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Prototype Encrypts Data Before Shipping It To The Cloud

Nov
07

Researchers at Georgia Tech have built a prototype that encrypts files before they are sent to the cloud for storage.

The so-called “CloudCapsule” system can be used with cloud storage services, such as Dropbox and Google Drive, for locking down files prior to their storage in the cloud and for accessing them without a proxy. The technology can be used for desktops, laptops, and mobile devices, but the researchers initially have built a prototype for just mobile devices.

“We thought its greatest utility would be in the mobile space,” given the explosion in BYOD, says Paul Royal, associate director of the Georgia Tech Information Security Center (GTISC), where the prototype was created. “This lets us combine some of the reasonable process-isolation present in mobile OSes with a seamless and transparent way of encrypting data you want to place into the cloud.”

It’s the classic conundrum with the cloud: balancing utility with security. According to a new report published today by GTISC, corporate information stored in the cloud is typically secured solely with what the cloud storage provider offers. And encrypting data in the cloud via private-key encryption typically makes the cloud less useful, the report says.

CloudCapsule basically uses a virtual machine instance that lets a user from the same machine go into encrypted mode and access encrypted files stored in the cloud. The operating system and malware have no “knowledge” of the data, according to GTISC, nor can the cloud provider read the files.

“CloudCapsule is an interesting approach and from the details available … it seems specific to DHS, which may not be ideal for other users. A potential issue that enterprises might encounter is in the deployment,” says Paige Leidig, senior vice president at CipherCloud, a cloud security firm.

Leidig says CloudCapsule would be difficult to scale compared with a single gateway model — the approach CipherCloud takes — because it’s deployed on endpoints. “The other potential problem for the endpoint approach is key management — if the user loses the keys, they would need to be revoked and replaced, which adds more complexity, especially for large enterprises with hundreds of thousands of users,” Leidig said an email interview.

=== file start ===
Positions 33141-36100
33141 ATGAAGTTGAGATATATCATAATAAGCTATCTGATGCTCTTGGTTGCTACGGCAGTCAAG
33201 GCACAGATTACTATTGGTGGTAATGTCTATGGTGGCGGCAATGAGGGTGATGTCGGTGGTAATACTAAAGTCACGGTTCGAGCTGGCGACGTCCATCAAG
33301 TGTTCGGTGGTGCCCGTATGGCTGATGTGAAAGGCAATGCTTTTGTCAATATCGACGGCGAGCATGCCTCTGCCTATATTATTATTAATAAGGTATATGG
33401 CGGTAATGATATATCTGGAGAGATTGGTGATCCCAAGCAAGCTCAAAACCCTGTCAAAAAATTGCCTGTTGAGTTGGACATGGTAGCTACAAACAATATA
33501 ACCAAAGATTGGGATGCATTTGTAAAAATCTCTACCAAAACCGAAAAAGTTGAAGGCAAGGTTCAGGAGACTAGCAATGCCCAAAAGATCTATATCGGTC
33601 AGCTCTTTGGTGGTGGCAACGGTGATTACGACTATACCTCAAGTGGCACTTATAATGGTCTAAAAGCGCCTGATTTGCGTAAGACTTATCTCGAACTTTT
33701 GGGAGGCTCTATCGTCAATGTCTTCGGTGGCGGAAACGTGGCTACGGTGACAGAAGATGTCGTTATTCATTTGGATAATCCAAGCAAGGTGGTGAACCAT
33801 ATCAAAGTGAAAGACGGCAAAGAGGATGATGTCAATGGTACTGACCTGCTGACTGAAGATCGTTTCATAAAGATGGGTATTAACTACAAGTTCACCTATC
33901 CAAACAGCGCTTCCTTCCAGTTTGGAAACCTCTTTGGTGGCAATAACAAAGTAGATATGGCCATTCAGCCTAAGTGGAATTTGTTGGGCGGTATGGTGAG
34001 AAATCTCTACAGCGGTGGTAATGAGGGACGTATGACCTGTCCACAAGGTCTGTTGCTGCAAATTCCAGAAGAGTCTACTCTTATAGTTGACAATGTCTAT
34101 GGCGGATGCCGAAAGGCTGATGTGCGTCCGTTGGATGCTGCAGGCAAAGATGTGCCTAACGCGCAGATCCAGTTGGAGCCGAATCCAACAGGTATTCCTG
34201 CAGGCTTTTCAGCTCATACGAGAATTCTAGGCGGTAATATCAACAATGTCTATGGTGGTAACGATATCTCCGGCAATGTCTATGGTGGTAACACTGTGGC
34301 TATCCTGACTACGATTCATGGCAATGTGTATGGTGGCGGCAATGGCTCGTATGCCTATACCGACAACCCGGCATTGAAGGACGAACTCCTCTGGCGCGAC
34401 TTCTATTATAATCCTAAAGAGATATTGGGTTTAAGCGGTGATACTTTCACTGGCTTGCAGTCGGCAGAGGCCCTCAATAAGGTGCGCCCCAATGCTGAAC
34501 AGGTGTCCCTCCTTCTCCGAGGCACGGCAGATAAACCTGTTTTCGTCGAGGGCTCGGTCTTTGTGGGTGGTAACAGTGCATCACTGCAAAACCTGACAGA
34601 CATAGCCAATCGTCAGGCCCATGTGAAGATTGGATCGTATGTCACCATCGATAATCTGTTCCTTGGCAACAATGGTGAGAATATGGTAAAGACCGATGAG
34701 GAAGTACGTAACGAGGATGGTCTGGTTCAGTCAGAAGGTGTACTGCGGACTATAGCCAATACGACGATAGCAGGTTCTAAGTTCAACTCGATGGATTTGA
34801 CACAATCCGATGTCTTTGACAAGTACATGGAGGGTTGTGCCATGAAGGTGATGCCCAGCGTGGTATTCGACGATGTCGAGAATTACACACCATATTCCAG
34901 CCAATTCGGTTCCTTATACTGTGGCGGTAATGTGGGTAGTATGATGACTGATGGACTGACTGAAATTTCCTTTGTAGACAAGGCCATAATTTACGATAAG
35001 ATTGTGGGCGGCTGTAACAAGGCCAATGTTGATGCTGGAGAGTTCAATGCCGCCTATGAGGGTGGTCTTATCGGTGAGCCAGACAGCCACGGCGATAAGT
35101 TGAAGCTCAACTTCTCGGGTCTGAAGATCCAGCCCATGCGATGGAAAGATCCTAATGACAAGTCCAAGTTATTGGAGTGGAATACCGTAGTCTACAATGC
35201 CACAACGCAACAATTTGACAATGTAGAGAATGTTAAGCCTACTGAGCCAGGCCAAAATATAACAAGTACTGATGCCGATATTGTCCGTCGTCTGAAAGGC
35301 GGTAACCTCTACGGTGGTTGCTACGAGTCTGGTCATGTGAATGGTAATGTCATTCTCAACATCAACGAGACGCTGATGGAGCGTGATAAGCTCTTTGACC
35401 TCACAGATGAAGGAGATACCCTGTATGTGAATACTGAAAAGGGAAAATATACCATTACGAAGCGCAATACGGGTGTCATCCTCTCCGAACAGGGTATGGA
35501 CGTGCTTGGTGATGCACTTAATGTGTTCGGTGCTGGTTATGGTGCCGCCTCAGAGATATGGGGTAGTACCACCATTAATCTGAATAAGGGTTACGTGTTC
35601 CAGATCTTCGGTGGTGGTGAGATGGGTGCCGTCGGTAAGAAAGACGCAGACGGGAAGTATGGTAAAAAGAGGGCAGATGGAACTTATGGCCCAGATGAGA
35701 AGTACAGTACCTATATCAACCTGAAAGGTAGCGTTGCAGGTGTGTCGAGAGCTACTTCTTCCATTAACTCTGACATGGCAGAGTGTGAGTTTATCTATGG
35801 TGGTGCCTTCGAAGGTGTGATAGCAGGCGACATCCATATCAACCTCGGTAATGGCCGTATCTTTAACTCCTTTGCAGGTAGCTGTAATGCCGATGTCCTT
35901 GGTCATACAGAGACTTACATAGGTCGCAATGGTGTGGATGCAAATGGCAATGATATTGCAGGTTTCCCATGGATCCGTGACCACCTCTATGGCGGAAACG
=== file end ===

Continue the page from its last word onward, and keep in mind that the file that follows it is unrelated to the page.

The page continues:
But searching encrypted information remains problematic. GTISC researchers also have been working on techniques for “searchable encryption” so users can more easily find their protected data and files in the cloud. “We are trying to design types of encryption that support … performance requirements” of real-world users, GTISC’s Royal says. “You do need to encrypt data before it goes into the cloud, but you would still like to do basic keyword searches over that data. That’s something we’ve been working on at Tech.”

Striking a balance between securing the data and indexing or searching it is complicated, he says. “There are going to be fundamental tradeoffs between security and efficiency,” he says. “In some cases, there’s a desire not to introduce significant overhead, so, for example, in some cases, we are turning the problem on its head and asking a person who would use this in the real world what they consider acceptable performance.”

[The cyberespionage gang out of China who recently hacked into media outlet networks is now using Dropbox and WordPress in its attacks rather than via traditional email phishing attacks and server compromise. See Dropbox, WordPress Used As Cloud Cover In New APT Attacks .]

Georgia Tech researchers also have built an email encryption prototype called “Very Good Privacy,” a more user-friendly option than the existing Pretty Good Privacy email encryption tool. Very Good Privacy software sits atop the user interface and can be used with cloud-based email services. The tool intercepts and encrypts the text as it’s typed in, before it gets to the email service. “Plain text never gets entered into an application,” Royal says. But the look and feel of the process remains unchanged for the user, so it’s transparent, he says.

The full Georgia Tech Emerging Cyber Threats Report for 2014 is available here (PDF) for download.

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